160613Re: How do non-English speaking linguists do interlinears?
- May 10, 2009Sai Emrys skrev:
> English-derived formalisms (like FEM and SG, possibly even 'the' sinceIMLE from works written in Scandinavian languages
> Japanese doesn't really have it [the closest I can think of is 'that'
> and 'this'])?
> Or is English the official metalanguage of all linguists worldwide?
> (Somehow I doubt it.)
and German the general usage is to use
Scandinavian/German translations of the
formalisms, even if the difference often is
minimal due to it all being Latin in the first
place; e.g. you will see ACK and KNJV rather than
ACC and SBJV. To me as an (albeit rather
anti-unnecessary-loans) Swedish speaker using
English formalisms wouldn't feel right in a text
written in Swedish. This said some formalisms
are actually used as 'loan acronyms', notably NP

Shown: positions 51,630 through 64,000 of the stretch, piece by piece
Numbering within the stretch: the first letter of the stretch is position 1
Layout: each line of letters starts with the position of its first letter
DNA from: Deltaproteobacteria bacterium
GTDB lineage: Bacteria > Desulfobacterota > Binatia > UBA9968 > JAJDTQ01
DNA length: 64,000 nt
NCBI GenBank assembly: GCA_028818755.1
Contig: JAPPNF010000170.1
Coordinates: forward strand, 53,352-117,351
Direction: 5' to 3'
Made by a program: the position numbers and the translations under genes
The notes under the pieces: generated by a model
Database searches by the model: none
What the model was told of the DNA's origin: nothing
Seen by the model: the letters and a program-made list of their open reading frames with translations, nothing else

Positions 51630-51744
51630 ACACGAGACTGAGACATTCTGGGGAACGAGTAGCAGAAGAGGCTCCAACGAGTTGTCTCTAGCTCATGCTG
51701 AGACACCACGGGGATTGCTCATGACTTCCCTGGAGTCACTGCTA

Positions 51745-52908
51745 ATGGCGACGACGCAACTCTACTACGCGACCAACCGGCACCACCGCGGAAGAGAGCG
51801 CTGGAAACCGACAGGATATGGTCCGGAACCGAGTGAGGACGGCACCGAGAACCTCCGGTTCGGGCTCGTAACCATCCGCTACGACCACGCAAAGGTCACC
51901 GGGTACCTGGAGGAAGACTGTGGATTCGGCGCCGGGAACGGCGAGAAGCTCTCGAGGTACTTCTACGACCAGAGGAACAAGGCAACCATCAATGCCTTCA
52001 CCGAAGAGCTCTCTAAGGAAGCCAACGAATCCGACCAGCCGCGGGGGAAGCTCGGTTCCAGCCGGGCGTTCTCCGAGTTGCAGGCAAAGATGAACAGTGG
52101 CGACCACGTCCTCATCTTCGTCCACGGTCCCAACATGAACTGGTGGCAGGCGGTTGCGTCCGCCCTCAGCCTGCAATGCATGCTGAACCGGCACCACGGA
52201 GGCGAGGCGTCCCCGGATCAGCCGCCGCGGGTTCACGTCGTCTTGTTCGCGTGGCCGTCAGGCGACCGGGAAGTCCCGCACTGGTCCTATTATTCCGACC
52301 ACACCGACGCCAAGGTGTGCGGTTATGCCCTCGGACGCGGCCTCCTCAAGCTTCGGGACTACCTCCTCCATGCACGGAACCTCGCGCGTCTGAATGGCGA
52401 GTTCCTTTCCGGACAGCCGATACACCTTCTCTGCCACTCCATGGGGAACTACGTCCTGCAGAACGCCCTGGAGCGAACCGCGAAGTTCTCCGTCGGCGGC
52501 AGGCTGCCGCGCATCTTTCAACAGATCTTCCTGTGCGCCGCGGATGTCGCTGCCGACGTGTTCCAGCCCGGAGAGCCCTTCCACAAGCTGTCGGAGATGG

even though the expansion _nominalfras_ is always
used. IIRC I've seen MF some time and found it odd.
I'm afraid I haven't seen (or at least not taken
note of and remembered) what Icelandic authors do,
but I can'n imagine them using e.g. MASC, FEM, NTR
rather than KK KVK HK -- i.e. I'd expect them to
use the standard Icelandic dictionary
abbreviations put into upper case!
What do Russian authors do? I can't imagine them
using English either...
Benct Philip Jonsson -- melroch atte melroch dotte se
"C'est en vain que nos Josués littéraires crient
à la langue de s'arrêter; les langues ni le soleil
ne s'arrêtent plus. Le jour où elles se *fixent*,
c'est qu'elles meurent." (Victor Hugo)
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